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The freedom to move: how Bangkok is improving its sidewalks

Written by World Events

Bangkok is fully committed to transforming into a more pedestrian-friendly and healthier city, with City Hall and experts continuing their ongoing efforts to enhance sidewalks and associated infrastructure.

Wissanu Sapsompol, Deputy Governor of Bangkok, opened the recent Goodwalk Forum Thailand 2023 with a presentation on the strategic initiatives aimed at making Bangkok a city conducive to pedestrians. This forum marked a decade of the Goodwalk Thailand project, which was initiated by the Urban Design and Development Center (UDDC).

Recognising the needs of urban residents, Governor Chadchart Sittipunt’s administration has prioritised the renovation of sidewalks. Sidewalks play a vital role in improving mobility within the city, making it easier and more efficient for commuters to move from point A to point B.

City Hall’s popular “Traffy Fondue” app, introduced approximately 18 months ago, has received over 337,000 complaints, some 10 per cent related to issues with sidewalks. This app serves as an online platform for residents to report problems or shortcomings in city infrastructure or management.

Despite plans to expand the city’s rail network to cover more than 450 kilometres in Bangkok and surrounding areas by 2028, the key challenge remains the first and last mile, said Wissanu. To enhance mobility, sidewalks must not only be in good condition but also friendly to all pedestrians and wheelchair users.

To make the first and last mile more walkable and accessible to commuters, the Bangkok Metropolitan Administration (BMA) has devised several solutions. These include covered walkways, elevated walkways, and designating the lane on the far left of smaller streets without pavements as walkable paths.

In addition, the BMA has collaborated with volunteer marathon runners to survey 50 potential routes, totalling 500 kilometres, for City Hall to improve sidewalks. Currently, four routes, covering 40 km including one in the old town, have been improved. Wissanu noted that if these routes are suitable for marathon runners, they should be practical for pedestrians.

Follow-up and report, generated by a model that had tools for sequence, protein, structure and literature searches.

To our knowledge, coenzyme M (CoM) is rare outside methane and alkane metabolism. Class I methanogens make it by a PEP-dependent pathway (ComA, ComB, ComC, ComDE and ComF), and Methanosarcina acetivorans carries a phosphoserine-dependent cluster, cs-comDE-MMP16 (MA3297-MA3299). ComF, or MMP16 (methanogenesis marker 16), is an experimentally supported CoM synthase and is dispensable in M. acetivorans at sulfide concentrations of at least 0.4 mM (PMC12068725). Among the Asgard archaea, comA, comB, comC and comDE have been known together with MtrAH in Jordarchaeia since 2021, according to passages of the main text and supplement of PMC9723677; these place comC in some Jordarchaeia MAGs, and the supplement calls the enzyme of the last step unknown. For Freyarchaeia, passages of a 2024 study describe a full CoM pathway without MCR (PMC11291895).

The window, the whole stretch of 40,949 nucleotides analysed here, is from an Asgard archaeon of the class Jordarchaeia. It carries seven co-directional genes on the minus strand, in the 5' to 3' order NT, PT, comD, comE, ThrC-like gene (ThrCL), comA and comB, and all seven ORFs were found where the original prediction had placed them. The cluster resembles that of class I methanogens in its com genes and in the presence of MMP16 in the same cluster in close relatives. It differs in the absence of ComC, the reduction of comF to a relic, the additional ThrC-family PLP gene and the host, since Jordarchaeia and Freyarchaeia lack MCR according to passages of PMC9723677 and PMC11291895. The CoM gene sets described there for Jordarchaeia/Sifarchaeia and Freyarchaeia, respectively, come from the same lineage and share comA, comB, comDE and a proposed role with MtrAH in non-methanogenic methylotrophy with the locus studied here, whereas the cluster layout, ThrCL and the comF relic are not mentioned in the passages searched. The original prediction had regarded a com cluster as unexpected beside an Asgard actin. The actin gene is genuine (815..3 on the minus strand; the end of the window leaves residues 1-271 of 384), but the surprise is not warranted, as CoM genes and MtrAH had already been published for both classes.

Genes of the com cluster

The current administration has set the goal of improving 1,000 kilometres of sidewalks across the capital by 2026 and has already achieved approximately half of that target.

Assistant Professor Niramon Serisakul, the director of UDDC who initiated the Goodwalk Thailand project, emphasised the importance of urban planning in the well-being of residents. Poor infrastructure, such as impractical sidewalks, has discouraged residents from walking and pushed them to opt for alternative transportation like cars or motorcycle taxis.

Thailand is transitioning into an ageing society, which will inevitably lead to an increase in wheelchair users and individuals with mobility challenges. Therefore, creating pedestrian-friendly and practical sidewalks is essential.

Niramon highlighted the positive impact of prioritising pedestrians over cars in a city. This not only improves the residents’ health but also boosts the local economy. Unlike car drivers who typically move

directly from point A to point B, pedestrians tend to explore smaller alleys, spend time at local stores, and engage with others.

“The lighter traffic, the more people walk, and the friendlier the city becomes,” said Niramon

In another event that took place on the same day, Governor Chadchart Suttipunt spent the afternoon in a wheelchair exploring the Bangna and Lasalle neighbourhoods with wheelchair users Manit Intarapim and Krisana Lalai. They have been actively advocating for accessible pavements for all. This experiment aimed to ensure that Bangkok’s sidewalks are indeed accessible to all.


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